Ernest Simmons’s The Entangled Trinity is an effort to work out the relation of theology and science through Trinitarian theology, and particularly through the concept of perichoresis, which leads into a panentheistic understanding of God’s relation to the world.
He uses the metaphor of “complementarity” the quantum idea that what we find in phenomena depends on what we’re looking for and how we look. “Measurement (observation) determines whether we derive a wave or a particle” (152).
This leads him to a discussion of perichoresis: “When we look for origins, we find Creator. But we are not always looking for origins. Sometimes we are looking for forgiveness and for hope. We are looking for ‘good news’ (gospel), and the early Christian community found this present in Jesus as the Christ, the anointed one of God. If the divine is entangled, that is, interrelated and interdependent with multiple potentials such as a wave function, then the same entangled divine reality can be experienced as incarnation, not just origination. The two are superimposed on one divine reality. Finally, the community also experienced, within the community itself, the sustaining spirit, the ‘Comforter,’ the ‘creative Spirit,’ as the ongoing presence of the divine within the midst of the community. This too is an expression of divine entanglement whereby a different experience is called on as the basis for reflection on the divine, another expression of divine relatedness” (152-3). In all these, “the same God” was at work.
Should this sound modalist, or sound as if the early church was projecting experience onto the blank surface of divinity, Simmons summons the notion of “superposition” to explain relation of the immanent and economic Trinity: “Much like a particular is within the wave function in its potentiality [and must be excited by energy]. the economic Trinity is superimposed on the eternal potentiality of the immanent Trinity and emerges in particular in relationship to the creation. The immanent Trinity is the eternal potentially of the divine for multiple forms of relatedness and experience by humanity and the wider creation.” We find what we’re seeking in God because the God we find is “the simultaneous entanglement of the divine love.” Simmons doesn’t think we find everything we might seek in God, or that we create God; rather, “the divine reality expresses itself in multiple ways, which humanity is only occasionally able to discern from diverse, finite perspectives” (153). In sum, perichoresis is “the mutual indwelling energy of the divine Trinity through which the creation is created and which evolves within the life of God as entangled superposition” (153).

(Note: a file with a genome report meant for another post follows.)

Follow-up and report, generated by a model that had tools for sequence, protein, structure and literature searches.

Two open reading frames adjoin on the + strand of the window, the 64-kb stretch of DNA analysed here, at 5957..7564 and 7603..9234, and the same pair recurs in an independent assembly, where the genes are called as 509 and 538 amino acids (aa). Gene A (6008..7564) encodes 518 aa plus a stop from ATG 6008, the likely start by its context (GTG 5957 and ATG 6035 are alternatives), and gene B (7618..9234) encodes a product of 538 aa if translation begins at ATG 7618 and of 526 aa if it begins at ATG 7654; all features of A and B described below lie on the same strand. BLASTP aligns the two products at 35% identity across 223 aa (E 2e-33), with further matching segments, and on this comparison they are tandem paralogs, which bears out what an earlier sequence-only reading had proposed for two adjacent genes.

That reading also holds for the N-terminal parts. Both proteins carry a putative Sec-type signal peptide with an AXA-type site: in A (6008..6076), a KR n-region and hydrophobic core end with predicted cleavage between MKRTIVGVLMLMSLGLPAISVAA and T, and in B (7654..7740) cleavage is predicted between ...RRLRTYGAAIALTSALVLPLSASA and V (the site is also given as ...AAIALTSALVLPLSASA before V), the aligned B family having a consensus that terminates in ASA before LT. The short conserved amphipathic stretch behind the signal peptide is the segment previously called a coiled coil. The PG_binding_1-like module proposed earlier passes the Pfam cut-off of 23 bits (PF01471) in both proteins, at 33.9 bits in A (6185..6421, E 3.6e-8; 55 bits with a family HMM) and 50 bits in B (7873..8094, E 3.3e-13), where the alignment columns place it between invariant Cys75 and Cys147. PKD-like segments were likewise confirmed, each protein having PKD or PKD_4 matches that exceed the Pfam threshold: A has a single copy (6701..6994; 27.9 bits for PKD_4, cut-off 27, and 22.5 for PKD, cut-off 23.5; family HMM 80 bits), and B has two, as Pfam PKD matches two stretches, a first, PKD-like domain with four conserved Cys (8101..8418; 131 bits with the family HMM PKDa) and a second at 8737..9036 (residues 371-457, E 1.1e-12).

There’s much to like here. Simmons emphasizes that God’s transcendence is not at odds with His near presence, but that transcendence and immanence presuppose one another (158). The relationship between God and the world is real on both ends, but it is not symmetrical. To the extent that panentheism means that the creation exists in God and God in the creation, it is a sound description of the God-world relation.
Yet, Simmons leaves some big questions unanswered. He could have acknowledged the limits of his scientific metaphors more openly, and should have answered obvious classic questions like: What can it mean to speak of “potential” in God? In what way is God “affected” by the creation? There appear to be some internal contradictions in his formulation: If God is the energy that moves creation toward its climax, where is the space of freedom? More fundamentally, can Simmons maintain his emphasis on God’s transcendence while also speaking of kenotic self-limitation? If transcendence is what he says it is, why do we need kenosis in any case?